Musharraf has sabotaged demo and endangered Pak
New Delhi, July 23: Bolstered by the Army, Pakistan President Pervez Musharraf is clinging to his job by manipulation and may have made his country even more dangerous by sabotaging its fragile democracy, says The Economist.
''Even if he sheds his uniform after next year's election, as promised, the army will remain the font of his power,'' says the magazine, which once described the General as ''a useless dictator''.
''General Musharraf is clinging to his job by manipulation, and with the backing of the Army, and that by sabotaging Pakistan's fragile democracy to meet his own ends; he may have made the country even more dangerous,'' says the magazine.
When Gen. Musharraf launched his coup in 1999, it was not principally to clean up the mess in the country. Instead, he wanted to save his career, having been sacked as Army Chief by the then Prime Minister Nawaz Sharif.
The system in Pakistan has produced ''increasingly arrogant soldiers, abject politicians and rotten institutions, it says, adding that Gen. Musharraf has reinforced it by giving himself vast powers, hastening the rot of Pakistan's institutions, scattering the mainstream political parties and making an even bigger travesty of the democratic process than did the civilian leaders he succeeded.
''The country's politics yo-yo between weak civilian governments and unrepresentative military ones -- the sort currently on offer under Pervez Musharraf, the president and army chief, albeit with some democratic wallpapering,'' it says.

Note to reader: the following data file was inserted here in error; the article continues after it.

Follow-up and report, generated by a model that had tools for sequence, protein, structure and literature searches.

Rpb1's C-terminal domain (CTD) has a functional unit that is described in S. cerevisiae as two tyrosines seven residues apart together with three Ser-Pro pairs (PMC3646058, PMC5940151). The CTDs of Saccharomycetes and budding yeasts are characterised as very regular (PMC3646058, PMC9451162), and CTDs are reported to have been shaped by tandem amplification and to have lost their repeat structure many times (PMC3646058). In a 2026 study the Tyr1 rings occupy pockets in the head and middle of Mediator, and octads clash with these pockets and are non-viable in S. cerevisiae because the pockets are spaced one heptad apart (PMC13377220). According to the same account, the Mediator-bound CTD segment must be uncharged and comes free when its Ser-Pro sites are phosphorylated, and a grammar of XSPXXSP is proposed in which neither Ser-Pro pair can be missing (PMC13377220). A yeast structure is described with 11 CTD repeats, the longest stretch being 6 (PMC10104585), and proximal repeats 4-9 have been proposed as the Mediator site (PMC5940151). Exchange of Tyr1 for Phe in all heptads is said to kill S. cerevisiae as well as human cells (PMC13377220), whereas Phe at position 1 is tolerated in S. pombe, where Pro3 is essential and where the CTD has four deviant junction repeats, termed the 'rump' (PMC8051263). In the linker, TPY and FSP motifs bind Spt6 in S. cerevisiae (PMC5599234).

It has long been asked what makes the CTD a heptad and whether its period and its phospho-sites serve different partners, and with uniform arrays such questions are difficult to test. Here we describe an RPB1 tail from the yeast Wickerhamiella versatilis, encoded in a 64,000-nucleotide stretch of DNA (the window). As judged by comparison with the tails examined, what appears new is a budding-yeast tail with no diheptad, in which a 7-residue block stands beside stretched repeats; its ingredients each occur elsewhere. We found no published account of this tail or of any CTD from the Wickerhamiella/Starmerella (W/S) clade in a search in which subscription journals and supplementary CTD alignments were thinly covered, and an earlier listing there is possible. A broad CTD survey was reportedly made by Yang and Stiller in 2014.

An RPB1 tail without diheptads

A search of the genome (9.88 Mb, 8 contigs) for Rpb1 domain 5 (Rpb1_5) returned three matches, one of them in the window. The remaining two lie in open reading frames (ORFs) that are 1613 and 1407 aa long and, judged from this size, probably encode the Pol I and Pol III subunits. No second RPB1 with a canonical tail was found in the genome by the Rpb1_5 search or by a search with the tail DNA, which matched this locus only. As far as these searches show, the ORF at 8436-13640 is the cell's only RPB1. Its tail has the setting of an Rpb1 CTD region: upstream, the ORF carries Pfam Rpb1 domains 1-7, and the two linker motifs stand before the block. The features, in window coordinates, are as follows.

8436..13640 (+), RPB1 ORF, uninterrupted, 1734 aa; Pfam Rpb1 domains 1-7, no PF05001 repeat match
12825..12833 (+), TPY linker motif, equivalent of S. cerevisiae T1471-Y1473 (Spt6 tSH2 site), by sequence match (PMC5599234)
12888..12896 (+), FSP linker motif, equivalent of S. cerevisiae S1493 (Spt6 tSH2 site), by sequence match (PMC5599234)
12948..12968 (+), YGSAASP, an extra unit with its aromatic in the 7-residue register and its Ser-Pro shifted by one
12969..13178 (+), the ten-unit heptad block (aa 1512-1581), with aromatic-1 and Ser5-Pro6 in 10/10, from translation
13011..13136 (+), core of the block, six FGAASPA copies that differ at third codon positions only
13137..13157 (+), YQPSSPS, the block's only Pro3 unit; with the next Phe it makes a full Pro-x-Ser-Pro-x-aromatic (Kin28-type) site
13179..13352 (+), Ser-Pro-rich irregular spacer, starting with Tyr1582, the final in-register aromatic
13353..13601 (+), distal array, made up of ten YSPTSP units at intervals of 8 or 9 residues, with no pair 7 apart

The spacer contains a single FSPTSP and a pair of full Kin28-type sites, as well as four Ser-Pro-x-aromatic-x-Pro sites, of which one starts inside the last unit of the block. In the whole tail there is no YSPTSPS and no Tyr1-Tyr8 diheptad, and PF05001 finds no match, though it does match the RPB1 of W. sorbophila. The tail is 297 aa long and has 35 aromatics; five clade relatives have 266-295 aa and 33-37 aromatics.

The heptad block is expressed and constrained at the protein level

The magazine, which has once labelled the General as a ''useless dictator'', has, however changed its perception about him since then.
However unpromising his start, Gen. Musharraf has generally proved much better at running the country than either Mr Nawaz Sharif or Ms Benazir Bhutto. ''He also remains more popular than either of them, though his support has recently been slipping.'' Gen Musharraf inherited an economy in crisis. Shackled by sanctions and parched of capital, Pakistan had defaulted on foreign debts. Thanks partly to continued fiscal prudence and some sensible reforms, Pakistan has notched up average growth of seven per cent over the past three years, about the same as India.
''Under his command, the country has experienced 7 per cent average growth rate over the last three years; the stock exchange has risen by 1000 per cent in seven years; foreign reserves are up and public debt down.'' Applauding his pledges to crack down on extremism and promote 'enlightened moderation', it says Gen. Musharraf has generally proved much better at running the country -- and more popular -- than his elected predecessors Nawaz Sharif and Benazir Bhutto.
And despite a career spent fighting India, Gen. Musharraf has done more for peace on the Indian subcontinent than any of his predecessors, says the article which was published just days before the ghastly Mumbai serial blasts.
''Peace with India is now more likely than ever before -- and would be a lasting legacy for the General,'' it says. ''Peace on the sub-continent is still hard to imagine, but it may be more possible that at any time since British India's bloody partition.'' But James Astill, the author of the article, argues that all these sensible reforms have only been partially or corruptly implemented, and Gen. Musharraf has sabotaged the country's fragile democracy to buttress his own ends.
Gen Musharraf pledged to fix the country's 'broken and predatory' institutions and and to promote liberal values, or ''enlightened moderation'', but he has to clung on to his job by the same undemocratic measures as his predecessors: by manipulating the institutions he had vowed to clean up.
''If he were to make serious progress towards either of these goals, history would smile on his coup...Ultimately Pakistan is too big, too fractious and too complicated to be ruled so overwhlemingly by one man,'' says the magazine.
Astill's prescription for Pakistan is that outsiders should be encouraged to support Gen. Musharraf's flagging reforms with aid money and squarely condemn his anti-democratic ways.